When Michael Fish tells you it's going to rain tomorrow, what do you get out, a sun hat or an umbrella? Before the hurricane fiasco (Fish didn't exactly advise us to get out the suntan lotion, but he certainly downplayed the extent of the storm), we would probably have taken him at his word, and still do to an extent (although that is probably because he has more computers to help him than in 1987). But what are we to make of another branch of the art - the economic forecaster who tells us the recession is over only minutes after admitting it had begun?
To answer the question, the Diary turned to Roger Bootle, chief economist at Midland Montagu, regularly heard on the Today programme and elsewhere. Not being an economist, I asked him to play it straight, cut out the CDs (certificates of deposit, apparently, not the compact discs I took him to mean) and tell me honestly when he first told us we were in recession. Six to nine months after we were, he said. Next?
Taken aback by his bluntness - I had already asked him when Norman Lamont would go, receiving the not very reassuring 'my record in the esoteric area of Lamont forecasting is pretty appalling' - I turned to the subject of the exchange rate mechanism. Did he get that right? It was a trick question, actually, knowing that he had refused to join the Liverpool Six, a group of economists who had written to the Times demanding Britain's withdrawal. Yes, he was right, actually, said Bootle, slightly to my surprise. 'They found my position difficult to accept, but they didn't explain in their letter how they would get inflation down. In the circumstances, we were right to go in and we were right to come out.'
So this art form is all about having it both ways, the equivalent of Michael Fish promising us showers with our sunshine? Or so I thought, until interest rates came up in the conversation. Only then did I recognise the science behind the blarney. Bootle convinced me he has rarely got it wrong when predicting rate changes, and I therefore strongly recommend that no one takes out a fixed-rate interest mortgage, for the time being anyway. Bootle says Lamont (if he is still around, of course) will lower the base rate by another point, to 5 per cent.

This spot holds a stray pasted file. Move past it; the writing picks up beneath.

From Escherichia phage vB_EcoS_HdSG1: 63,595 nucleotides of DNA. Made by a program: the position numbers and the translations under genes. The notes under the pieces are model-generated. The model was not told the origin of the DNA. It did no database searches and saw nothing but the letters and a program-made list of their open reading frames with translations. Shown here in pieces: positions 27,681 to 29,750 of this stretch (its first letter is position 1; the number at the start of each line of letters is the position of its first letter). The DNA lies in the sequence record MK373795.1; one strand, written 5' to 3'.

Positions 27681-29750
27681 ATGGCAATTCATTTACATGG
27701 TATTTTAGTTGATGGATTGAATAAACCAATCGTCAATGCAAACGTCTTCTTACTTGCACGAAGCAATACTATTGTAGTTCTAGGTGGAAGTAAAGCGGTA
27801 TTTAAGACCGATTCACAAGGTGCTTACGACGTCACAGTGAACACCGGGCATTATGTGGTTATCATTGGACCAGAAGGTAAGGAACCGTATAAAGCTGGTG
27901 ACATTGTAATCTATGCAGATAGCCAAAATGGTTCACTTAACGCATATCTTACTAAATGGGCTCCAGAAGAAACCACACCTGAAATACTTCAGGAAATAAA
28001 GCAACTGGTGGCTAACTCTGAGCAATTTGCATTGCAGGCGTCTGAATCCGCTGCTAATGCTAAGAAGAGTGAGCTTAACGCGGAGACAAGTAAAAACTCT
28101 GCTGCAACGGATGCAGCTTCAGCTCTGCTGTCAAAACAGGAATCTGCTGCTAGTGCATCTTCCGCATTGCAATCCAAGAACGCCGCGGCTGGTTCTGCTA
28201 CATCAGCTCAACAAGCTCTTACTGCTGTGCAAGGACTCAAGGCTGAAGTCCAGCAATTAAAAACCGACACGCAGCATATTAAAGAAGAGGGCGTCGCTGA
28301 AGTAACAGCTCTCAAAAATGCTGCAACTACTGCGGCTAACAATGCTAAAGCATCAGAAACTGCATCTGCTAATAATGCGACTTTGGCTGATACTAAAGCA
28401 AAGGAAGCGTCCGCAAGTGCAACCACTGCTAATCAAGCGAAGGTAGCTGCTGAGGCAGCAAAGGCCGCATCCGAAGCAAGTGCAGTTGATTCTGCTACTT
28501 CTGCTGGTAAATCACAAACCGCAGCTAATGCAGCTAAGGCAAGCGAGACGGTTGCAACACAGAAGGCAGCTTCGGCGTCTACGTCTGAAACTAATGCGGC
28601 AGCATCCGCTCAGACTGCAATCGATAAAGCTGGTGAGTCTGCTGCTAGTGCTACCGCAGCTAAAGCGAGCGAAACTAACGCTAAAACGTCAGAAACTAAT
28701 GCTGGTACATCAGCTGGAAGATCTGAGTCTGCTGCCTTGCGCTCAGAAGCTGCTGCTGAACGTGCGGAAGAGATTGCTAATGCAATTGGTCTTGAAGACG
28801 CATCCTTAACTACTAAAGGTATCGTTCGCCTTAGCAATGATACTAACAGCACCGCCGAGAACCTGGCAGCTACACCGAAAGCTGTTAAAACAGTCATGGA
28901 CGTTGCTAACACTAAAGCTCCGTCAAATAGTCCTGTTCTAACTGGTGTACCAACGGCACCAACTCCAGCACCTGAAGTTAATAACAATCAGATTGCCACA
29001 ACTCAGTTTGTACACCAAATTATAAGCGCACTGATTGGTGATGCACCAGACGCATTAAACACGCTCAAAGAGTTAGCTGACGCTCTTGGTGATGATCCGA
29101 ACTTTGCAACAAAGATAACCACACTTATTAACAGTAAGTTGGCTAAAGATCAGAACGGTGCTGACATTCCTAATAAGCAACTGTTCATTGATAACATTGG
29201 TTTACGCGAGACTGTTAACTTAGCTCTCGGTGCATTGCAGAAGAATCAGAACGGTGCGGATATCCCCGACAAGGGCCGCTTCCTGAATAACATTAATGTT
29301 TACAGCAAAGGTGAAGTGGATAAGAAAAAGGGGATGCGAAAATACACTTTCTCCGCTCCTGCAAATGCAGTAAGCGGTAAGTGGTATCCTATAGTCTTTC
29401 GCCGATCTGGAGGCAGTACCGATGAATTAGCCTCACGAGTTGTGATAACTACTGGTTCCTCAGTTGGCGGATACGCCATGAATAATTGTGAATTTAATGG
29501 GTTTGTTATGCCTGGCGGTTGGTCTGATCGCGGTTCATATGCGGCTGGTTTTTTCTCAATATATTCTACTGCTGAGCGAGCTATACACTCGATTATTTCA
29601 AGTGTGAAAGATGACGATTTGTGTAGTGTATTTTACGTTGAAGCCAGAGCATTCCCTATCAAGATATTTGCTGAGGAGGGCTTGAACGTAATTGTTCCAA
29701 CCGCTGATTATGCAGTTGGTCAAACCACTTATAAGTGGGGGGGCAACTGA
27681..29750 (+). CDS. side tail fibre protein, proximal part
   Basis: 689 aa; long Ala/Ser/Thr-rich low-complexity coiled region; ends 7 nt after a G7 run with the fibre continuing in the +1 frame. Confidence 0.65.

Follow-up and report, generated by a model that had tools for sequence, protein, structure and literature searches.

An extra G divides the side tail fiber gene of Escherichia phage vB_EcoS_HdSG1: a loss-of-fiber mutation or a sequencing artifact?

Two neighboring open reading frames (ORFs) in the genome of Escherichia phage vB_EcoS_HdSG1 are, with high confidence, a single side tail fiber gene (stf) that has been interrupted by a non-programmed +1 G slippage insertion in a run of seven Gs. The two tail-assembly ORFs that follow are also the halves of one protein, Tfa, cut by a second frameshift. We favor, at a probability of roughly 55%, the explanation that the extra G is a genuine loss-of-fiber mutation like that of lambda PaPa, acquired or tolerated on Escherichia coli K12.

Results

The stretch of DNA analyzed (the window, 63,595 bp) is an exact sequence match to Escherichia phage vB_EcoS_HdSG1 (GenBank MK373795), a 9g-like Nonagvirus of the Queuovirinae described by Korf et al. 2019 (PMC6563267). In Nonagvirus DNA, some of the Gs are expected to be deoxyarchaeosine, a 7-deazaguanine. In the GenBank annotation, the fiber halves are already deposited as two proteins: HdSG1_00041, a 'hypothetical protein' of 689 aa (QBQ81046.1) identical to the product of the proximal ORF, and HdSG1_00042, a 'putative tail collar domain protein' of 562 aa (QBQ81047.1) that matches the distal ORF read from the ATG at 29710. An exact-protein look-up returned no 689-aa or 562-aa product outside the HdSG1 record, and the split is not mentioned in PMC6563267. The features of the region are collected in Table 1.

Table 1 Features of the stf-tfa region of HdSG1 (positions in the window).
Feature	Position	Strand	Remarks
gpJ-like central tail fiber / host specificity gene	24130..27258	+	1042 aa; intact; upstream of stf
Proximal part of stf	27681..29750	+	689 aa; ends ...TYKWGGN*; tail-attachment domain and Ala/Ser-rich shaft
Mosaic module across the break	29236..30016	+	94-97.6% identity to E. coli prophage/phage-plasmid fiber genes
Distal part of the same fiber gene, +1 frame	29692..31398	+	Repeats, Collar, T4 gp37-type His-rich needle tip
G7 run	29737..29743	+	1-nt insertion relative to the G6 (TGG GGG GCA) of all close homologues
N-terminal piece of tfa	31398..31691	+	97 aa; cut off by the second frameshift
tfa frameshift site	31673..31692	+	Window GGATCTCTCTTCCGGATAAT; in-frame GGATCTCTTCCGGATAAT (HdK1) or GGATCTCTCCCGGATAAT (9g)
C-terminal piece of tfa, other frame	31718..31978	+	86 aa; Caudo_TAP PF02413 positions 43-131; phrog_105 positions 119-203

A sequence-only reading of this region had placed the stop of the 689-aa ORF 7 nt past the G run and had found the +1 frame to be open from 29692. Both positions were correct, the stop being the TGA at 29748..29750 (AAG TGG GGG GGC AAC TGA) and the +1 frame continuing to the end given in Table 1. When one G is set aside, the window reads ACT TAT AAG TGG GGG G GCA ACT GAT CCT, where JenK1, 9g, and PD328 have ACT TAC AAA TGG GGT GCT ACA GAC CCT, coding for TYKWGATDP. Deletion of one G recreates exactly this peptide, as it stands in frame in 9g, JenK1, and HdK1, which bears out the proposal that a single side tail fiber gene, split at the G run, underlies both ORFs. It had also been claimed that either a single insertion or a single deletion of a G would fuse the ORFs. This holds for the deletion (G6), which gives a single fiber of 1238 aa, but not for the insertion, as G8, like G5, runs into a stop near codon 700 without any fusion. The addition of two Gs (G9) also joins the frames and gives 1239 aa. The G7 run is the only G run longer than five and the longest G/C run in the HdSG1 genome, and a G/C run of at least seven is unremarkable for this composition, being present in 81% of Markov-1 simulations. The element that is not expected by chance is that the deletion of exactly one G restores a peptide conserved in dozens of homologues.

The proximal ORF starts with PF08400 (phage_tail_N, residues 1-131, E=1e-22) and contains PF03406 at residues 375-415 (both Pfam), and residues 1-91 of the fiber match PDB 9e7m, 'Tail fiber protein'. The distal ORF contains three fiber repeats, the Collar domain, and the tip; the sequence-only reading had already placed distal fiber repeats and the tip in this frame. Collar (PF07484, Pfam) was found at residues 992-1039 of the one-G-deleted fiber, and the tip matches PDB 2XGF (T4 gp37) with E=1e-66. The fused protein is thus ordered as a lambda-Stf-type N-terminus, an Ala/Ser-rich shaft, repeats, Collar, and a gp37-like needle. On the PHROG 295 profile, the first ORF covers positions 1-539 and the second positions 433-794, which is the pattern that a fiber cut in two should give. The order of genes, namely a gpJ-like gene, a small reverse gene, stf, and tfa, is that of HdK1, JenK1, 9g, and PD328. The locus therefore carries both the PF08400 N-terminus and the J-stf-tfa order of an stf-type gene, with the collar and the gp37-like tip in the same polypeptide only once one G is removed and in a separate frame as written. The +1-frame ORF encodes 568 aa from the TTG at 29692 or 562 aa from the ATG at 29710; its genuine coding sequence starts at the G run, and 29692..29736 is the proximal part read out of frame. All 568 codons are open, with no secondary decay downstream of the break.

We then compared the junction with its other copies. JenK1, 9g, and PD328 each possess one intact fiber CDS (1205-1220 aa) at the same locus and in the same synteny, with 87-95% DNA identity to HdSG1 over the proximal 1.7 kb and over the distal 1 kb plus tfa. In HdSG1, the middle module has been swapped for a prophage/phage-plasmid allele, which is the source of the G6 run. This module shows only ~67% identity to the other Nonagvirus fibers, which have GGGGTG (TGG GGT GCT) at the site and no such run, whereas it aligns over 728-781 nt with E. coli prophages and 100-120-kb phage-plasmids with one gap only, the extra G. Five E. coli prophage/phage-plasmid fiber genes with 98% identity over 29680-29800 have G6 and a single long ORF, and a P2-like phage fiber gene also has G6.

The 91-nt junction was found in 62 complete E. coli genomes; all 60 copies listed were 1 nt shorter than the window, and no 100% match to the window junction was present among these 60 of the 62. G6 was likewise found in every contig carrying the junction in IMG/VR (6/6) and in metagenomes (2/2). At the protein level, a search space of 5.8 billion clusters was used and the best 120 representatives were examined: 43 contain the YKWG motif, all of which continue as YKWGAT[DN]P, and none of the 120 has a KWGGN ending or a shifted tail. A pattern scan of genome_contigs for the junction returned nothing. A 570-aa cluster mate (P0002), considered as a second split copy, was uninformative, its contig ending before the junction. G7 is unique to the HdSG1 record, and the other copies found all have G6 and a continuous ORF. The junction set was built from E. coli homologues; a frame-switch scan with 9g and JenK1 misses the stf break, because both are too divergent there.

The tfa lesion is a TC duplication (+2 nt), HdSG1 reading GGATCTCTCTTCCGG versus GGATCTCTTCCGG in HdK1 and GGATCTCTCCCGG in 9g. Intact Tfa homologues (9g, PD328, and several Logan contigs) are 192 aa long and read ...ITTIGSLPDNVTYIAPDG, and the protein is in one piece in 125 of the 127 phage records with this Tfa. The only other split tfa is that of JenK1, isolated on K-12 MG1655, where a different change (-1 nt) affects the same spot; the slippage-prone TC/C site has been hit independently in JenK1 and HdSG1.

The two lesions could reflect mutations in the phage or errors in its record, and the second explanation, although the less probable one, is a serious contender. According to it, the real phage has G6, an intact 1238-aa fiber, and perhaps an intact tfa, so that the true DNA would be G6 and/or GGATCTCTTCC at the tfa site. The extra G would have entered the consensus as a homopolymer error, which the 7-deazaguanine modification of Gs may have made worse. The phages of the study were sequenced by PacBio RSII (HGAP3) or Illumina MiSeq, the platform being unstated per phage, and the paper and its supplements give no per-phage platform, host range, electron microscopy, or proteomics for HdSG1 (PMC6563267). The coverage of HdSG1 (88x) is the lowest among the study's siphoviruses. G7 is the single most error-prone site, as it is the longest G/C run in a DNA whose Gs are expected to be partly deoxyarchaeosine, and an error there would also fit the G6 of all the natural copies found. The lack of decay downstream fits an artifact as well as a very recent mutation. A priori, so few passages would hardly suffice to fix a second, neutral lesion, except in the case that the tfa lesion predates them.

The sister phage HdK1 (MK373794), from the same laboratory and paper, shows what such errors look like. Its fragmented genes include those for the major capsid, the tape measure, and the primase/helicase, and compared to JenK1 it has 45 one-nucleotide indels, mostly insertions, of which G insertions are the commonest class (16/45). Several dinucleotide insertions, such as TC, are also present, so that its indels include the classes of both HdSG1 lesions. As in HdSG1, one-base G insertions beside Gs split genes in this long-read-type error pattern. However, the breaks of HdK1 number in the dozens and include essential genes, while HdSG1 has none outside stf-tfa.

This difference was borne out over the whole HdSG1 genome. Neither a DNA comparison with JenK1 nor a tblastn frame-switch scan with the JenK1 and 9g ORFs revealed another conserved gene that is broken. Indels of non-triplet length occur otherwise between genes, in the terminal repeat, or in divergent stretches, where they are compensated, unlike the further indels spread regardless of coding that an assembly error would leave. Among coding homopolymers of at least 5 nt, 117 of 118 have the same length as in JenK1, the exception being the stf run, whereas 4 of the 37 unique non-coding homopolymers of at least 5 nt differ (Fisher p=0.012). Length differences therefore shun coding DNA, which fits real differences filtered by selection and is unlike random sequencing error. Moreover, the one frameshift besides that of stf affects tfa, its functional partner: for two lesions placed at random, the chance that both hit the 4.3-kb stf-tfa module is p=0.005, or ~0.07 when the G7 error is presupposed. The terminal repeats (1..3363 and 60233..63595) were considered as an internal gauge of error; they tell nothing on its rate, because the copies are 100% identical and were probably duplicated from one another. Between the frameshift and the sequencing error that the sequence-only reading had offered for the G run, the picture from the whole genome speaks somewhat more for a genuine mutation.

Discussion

SIR RONALD MILLAR, former speechwriter to Margaret Thatcher, who has just brought out a book, recalls the ex-PM's tendency to take comments literally. Before her first conference speech as leader of the Tory party, he leant towards her and muttered encouragingly: 'Piece of cake.' He should have saved his breath. 'Good heavens] Not now,' she
GET THE PICTURE?
Undaunted by its legal difficulties, the satirical magazine Scallywag is back on the newsstands, a prelude, I feel sure, to further discussions between its lawyers and the Prime Minister's solicitors, Biddle & Co.
The discussions may refer to a series of 12 photographs of Clare Latimer, the Downing Street cook, that are held by another publication. Angus James, Scallywag's managing director, tells me he has subpoenaed the photographs as part of the magazine's defence of the libel actions ( John Major and Clare Latimer have issued 12 writs against Scallywag, their printers and distributors). James insists the magazine will fight the 'bullish and censorial' libel actions. 'I don't see why printers and distributors should get penalised for what we put in the paper,' he said. Biddle & Co refused to comment.
WHILE John Major was asleep, Paddy Ashdown received the Newbury by-election result by telephone. 'We have a 22,000 majority,' the leader of the Liberal Democrats was told. A disbelieving Ashdown was quickly to the point: 'No, that must be the vote, not the majority.'
HAILING A BUS
As Londoners endured their fifth bus strike in two months, BBC 2 viewers tuned into a documentary last night on the open-backed bus, hailed in the programme as 'a monument to its architects, London Transport'. I'm sure that's right, although the title was perhaps not the most apt part of the programme - Perpetual Motion: The Routemaster Bus.
A DAY LIKE THIS
11 May 1759 Denis Diderot writes to Sophie Volland about his visit to Marly: 'I wandered aimlessly through the park in a melancholy frame of mind. The others had gone striding ahead of us and we followed slowly, the Baron von Gleichen and I. I was happy to be with the baron (whose wife had recently died), for we both felt within us the same secret emotion. It is strange how sensitive spirits can understand each other almost without speaking. A chance word, a fit of absent-mindedness, a vague disjointed remark, a passing regret, an ambiguous expression, a tone of voice, a way of walking, a look, a moment of attention or of silence, all these give them away to one another. We said little; we felt a lot; we were both suffering; but he was more to be pitied than I. His eyes were often fixed on the ground; he was searching for someone who no longer exists.'Reuse content